In putting together ranks, I had three two-star films that couldn’t fit into the final worst ten. Those three are “Snowpiercer” (uninspired, over-loved, and overrated by everyone but me, apparently), “Let’s Be Cops” (funny, but it wasted the full potential of the premise), and “Winter Sleep” (longest three hours of my life this year that somehow won the Palme d’Or at Cannes ahead of a dozen other Oscar hopefuls). “Winter Sleep” was so long, I couldn’t even muster a full review to try and talk about it, though it made my capsule reviews for the 50th Chicago International Film Festival. Also, believe me, I wouldn’t hear the end of it if “Snowpiercer” made this list below. Instead, here are the rest!
10. “The Drop”— Last year, I called “American Hustle” a brand of Scorsese Lite. Until the last maybe ten minutes, “The Drop” makes “American Hustle” look like “Goodfellas.” If “American Hustle” was Scorsese Lite, then “The Drop” is Scorsese Miller Sharps. (full review)
9. “Young Ones”— I like Michael Shannon and director Jake Paltrow has potential, but this movie didn’t work. A great possible premise and setting with rich potential is ruined by a ridiculously weak and melodramatic soap opera story. (full review)
8. “Sin City: A Dame to Kill For”— Robert Rodriguez’s movies, especially fun stuff like this, will always look good and star beautiful people, but, somewhere, the storytelling has to back it up. Intentionally disjointed or not, the movie was a narrative mess of story chapters that gave you little difference or variety and even less to root for. With the talent and source material involved, it should have been better. (full review)
7. “The Expendables 3”— This was the movie equivalent of chemical castration (Sorry “The Imitation Game”). By watering this down for a PG-13 audience, the filmmakers and parade of stars lost the balls and bravado that made this series a fun guilty pleasure. They had the right villain in place with a game Mel Gibson, but wasted it on an elementary effort. (full review)
6. “Sex Tape”— I didn’t really expect this movie to be good, but I liked “Bad Teacher” enough to go back to that well. Even after an OK trailer that grabbed decent interest, the film couldn’t deliver the goods to really go for it, as advertised. It beats around the bush with lame comedy schemes rather than giving us something fun and daring on the premise. It’s never a good sign when the most daring thing about your film is a Jack Black cameo. (full review)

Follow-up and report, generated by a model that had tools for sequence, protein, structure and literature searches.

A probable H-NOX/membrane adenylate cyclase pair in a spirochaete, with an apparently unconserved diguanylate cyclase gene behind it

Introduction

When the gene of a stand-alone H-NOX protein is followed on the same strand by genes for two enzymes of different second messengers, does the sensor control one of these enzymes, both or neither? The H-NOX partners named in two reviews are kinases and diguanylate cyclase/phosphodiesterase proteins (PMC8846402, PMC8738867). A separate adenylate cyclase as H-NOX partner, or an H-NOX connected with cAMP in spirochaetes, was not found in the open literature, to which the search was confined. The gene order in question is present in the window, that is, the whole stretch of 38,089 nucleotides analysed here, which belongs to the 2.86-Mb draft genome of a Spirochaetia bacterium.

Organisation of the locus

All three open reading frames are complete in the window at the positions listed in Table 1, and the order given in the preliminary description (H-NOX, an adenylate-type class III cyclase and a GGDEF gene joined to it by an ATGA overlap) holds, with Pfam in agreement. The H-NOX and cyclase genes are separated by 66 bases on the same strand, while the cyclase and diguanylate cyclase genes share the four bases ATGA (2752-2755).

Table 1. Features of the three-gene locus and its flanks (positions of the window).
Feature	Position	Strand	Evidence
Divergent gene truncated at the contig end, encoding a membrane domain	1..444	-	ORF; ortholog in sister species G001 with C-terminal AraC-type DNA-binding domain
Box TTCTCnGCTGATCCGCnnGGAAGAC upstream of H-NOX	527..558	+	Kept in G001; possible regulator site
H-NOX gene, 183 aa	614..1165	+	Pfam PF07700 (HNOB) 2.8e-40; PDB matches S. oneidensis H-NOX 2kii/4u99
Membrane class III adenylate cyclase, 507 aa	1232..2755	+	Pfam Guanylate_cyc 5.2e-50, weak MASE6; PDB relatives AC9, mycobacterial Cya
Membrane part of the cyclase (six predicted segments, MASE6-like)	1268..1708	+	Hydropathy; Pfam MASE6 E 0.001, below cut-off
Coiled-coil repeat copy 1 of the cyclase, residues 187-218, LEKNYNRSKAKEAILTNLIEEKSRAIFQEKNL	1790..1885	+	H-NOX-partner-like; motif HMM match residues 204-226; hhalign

5. “The Monuments Men”— If you would have asked me a year ago (or even two years ago) about this movie, I would have called it bulletproof with its pedigree and cast. I’m a fan of George Clooney as a director, but he missed the mark with the most uneven film I saw this year. It may not be the worst film of the year, but it was the one that fell the farthest from where it was supposed to be. (full review)
4. “Happy Christmas”— My tolerance for the “mumblecore” genre is fading fast. Sure, it’s nice to see household name actors and actresses like Anna Kendrick riff and challenge themselves with smaller fare and intimate material, but the essence of this genre is becoming way too minimalist. You’re allowed to shed layers and get down to basics and let the acting shine, but you have to give them something to do and have a compass direction. It can’t all be improvisation. At some point, you need direction and a director. I enjoyed mumblecore to a fault with Joe Swanberg’s previous film “Drinking Buddies,” but “Happy Christmas” is a step backwards. (full review)
3. “Ride Along”— Speaking of fading fast, if Kevin Hart keeps up his one-note joke and routine of being the black equivalent of the Chicken Hawk mini-tough-talker character from the Foghorn Leghorn “Looney Tunes” cartoons, he’s going to be the next Melissa McCarthy. He will be topical and burn bright, but then be tired and overplayed because he plays the same character every time out. “Ride Along” may have been his best box office turn as a lead so far, but it’s the biggest example of his repetitive act too. Watch out for “The Wedding Ringer” or “Get Hard” which will both probably make this list next year…. if I even care to see them. (full review)
2. “Walk of Shame”— This egregiously bad rom/com starring Elizabeth Banks and James Marsden that fell out of theaters at the last minute to VOD-only showed me exactly why with its sheer dumbness. Seriously, this is like Katherine Heigl-bad and I feel for Banks and Marsden cashing paychecks. It was so bad I couldn’t even bring myself to write a full review.
1. “The Zero Theorem”— I’ve used this spot to trash supposedly great filmmakers in the past like Terrance Malick and his abysmal “The Tree of Life” from 2011. I will chastise another supposedly legendary filmmaker in Terry Gilliam and “The Zero Theorem,” anointing it as the worst film I saw and reviewed in 2014. Odd, misplaced, slow, ugly, and pointless, this movie had “everything,” and I mean that in a “Saturday Night Live” Stefon way where the obscurity of this science fiction outweighs its creativity. Like “The Tree of Life,” I get the big picture Gilliam was aiming for. It didn’t go over my head. It just didn’t work as a film. Where is that #sorrynotsorry hashtag? (full review)